of this case were overcome in our second example.in which a
direct and independent corroboration of the respondent's own testimony
was obtained.

Here is the full study if your interested Jonathan. While I agree this is not proof. it does at the very least suggest it may be worth doing more studies. With images placed high up on shelves. To determine if these accounts really are only fanciful memories.
I have no idea. But remain open minded until such time that it is either proven correct, or very unlikely with further in depth studies
Professor Rings full study is here
http://www.newdualism.org/nde-papers/Ring/Ring-Journal of Near-Death Studies_1997-16-101-147.pdf
 
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liquid sky

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I think it suggests a little more than medical knowledge about the length of time consciousness persists after the heart stops, is longer than previously thought.Barb
The case they seemed most perplexed about, and dare I say, likely excited about. And if true, likely the most important case of the entire study

Involves the ability of consciousness. to reside separate outside of the brain. with full auditory and visual awarness
Floating high up near the ceiling. Seeing ones own body being worked on. Completely separate from that body.

Recalling accurately everything that was happening to such said body. For up to three minutes. While the brains electrical activity. would likely be at a minimum due to no or little blood flow to the brain after a cardiac arrest.

That's a little bit more than you have suggested here ?
If this case turns out to be a reality in the sense that consciousness can exist free from the brain and body, as this case seems to suggest. Then no it does not prove life after death. But it does add validity to the possibility that Near death experiencers, who claim that life after death is a real phenomena. Actually might be experiencing such a phenomena. If consciousness can actually exist free from the body and brain. It doesn't prove it Barb No
But it suggests its possible. Depending on your views and or beliefs, some might say even likely. These are some of the things I find interesting about the study. regardless of ultimate study design.
This is the part about near death experiences that takes the discussion out of how long someone can maintain a degree of consciousness or whether the brain is playing tricks on the mind. How exactly can someone recall things they could not have been physically seen from their vantage point, usually on a table? The sights explained in detail and verified by doctors/nurses that were there at the time, how are these explained by a slowly dying brain? Even a healthy brain with plenty of oxygen could not have seen these things.

I find the near death experiences of children the most interesting. They are more free from expectations than adults. When they are able to say they met relatives that they never heard of, well, something is up?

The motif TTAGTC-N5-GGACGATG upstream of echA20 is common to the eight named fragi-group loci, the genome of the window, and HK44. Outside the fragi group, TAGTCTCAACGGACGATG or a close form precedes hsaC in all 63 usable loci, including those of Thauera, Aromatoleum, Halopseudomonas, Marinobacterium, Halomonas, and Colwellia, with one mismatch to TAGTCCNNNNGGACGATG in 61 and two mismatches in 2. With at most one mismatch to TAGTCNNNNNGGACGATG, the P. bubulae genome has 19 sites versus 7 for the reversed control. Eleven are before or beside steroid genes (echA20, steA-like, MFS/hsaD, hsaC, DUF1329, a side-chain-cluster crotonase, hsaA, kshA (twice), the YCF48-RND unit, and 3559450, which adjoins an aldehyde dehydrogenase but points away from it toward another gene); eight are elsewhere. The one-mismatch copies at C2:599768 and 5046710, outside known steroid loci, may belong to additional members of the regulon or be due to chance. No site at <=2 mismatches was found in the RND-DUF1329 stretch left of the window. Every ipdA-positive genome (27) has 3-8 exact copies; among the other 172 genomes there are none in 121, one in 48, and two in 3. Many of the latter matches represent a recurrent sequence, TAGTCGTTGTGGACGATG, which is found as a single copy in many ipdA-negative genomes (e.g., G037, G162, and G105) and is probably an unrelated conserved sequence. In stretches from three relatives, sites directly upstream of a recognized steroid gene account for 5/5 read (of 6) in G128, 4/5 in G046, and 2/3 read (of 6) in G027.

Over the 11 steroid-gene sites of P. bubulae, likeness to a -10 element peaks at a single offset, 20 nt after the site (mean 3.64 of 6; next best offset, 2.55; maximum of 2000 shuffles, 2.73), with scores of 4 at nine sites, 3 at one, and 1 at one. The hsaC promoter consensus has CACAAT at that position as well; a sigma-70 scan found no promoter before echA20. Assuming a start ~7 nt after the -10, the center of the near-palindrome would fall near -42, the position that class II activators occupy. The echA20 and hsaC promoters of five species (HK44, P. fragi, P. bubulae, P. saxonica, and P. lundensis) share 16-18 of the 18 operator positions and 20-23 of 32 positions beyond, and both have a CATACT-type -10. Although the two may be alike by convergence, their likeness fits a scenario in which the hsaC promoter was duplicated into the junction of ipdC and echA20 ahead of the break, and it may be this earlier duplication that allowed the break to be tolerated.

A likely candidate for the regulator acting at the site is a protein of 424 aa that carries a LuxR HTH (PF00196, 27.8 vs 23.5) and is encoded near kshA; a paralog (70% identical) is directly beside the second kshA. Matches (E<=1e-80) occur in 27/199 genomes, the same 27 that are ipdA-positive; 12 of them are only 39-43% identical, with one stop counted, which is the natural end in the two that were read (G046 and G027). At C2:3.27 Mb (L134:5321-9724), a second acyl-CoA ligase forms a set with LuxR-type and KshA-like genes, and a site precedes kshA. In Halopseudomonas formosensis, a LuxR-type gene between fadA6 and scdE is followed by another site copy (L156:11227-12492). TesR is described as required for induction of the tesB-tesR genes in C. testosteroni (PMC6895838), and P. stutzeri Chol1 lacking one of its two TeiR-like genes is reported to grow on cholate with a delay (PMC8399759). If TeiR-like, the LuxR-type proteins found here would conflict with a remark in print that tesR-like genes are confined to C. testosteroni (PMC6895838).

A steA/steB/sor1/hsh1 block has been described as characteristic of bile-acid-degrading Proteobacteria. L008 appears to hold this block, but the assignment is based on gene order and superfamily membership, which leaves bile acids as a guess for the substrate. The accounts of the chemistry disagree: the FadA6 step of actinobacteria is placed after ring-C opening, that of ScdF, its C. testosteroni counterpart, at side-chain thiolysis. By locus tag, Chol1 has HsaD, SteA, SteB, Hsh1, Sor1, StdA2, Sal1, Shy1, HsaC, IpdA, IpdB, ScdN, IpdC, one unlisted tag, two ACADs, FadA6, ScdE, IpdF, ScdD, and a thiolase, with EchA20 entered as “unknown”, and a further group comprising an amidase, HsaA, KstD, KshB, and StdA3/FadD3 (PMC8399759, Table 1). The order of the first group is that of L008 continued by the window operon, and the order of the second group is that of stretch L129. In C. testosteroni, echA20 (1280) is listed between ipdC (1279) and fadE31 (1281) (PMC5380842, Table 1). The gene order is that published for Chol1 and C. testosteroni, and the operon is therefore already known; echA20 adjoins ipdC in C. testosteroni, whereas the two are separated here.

As far as time goes, it is both real and an illusion to us. It exists, but it is not always the way we experience it here on earth. Gravity influences time and as gravity decreases, time speeds up. Makes you wonder if time travel could be possible if one could speed time up enough?
 
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free at last

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This is the part about near death experiences that take the discussion out of how long someone can maintain a degree of consciousness or whether the brain is playing tricks on the mind. How exactly can someone recall things they could not have physically seen from their vantage point, usually on a table? The sights explained in detail and verified by doctors/nurses that were there at the time, how are these explained by a slowly dying brain? Even a healthy brain with plenty of oxygen could not have seen these things.

I find the near death experiences of children the most interesting. They are more free from expectations than adults. When they are able to say they met relatives that they never heard of, well, something is up?

As far as time goes, it is both real and an illusion to us. It exists, but it is not always the way we experience it here on earth. Gravity influences time and as gravity decreases, time speeds up. Makes you wonder if time travel could be possible if one could speed time up enough?
Hi Liquid Sky. Although I have read accounts over the years, I never really studied the subject very much at all. But recently got interested when I saw the aware study. And other stuff.
Your views and Jonathans and others here, are at complete odds. while I can see merit in both sides. My Mind has learned long ago. To look deeper than the average cursory glance at a subject. And to mistrust the temptation to suggest we, or anyone knows the whole answer. I don't believe that for one second. Its always safer to accept our knowledge is limited on many things that are the hardest to prove or disprove. I will continue looking at this subject. until have i learned more. At the moment I do not know enough, to have a real voice about it, Other than I find it interesting. And I remain open minded.
 
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JAM: I am so sorry to hear of your dreadful week! I homed in on the loss of your dog. I was devastated when I lost my companion of 17 years and I admire you for coping with so much.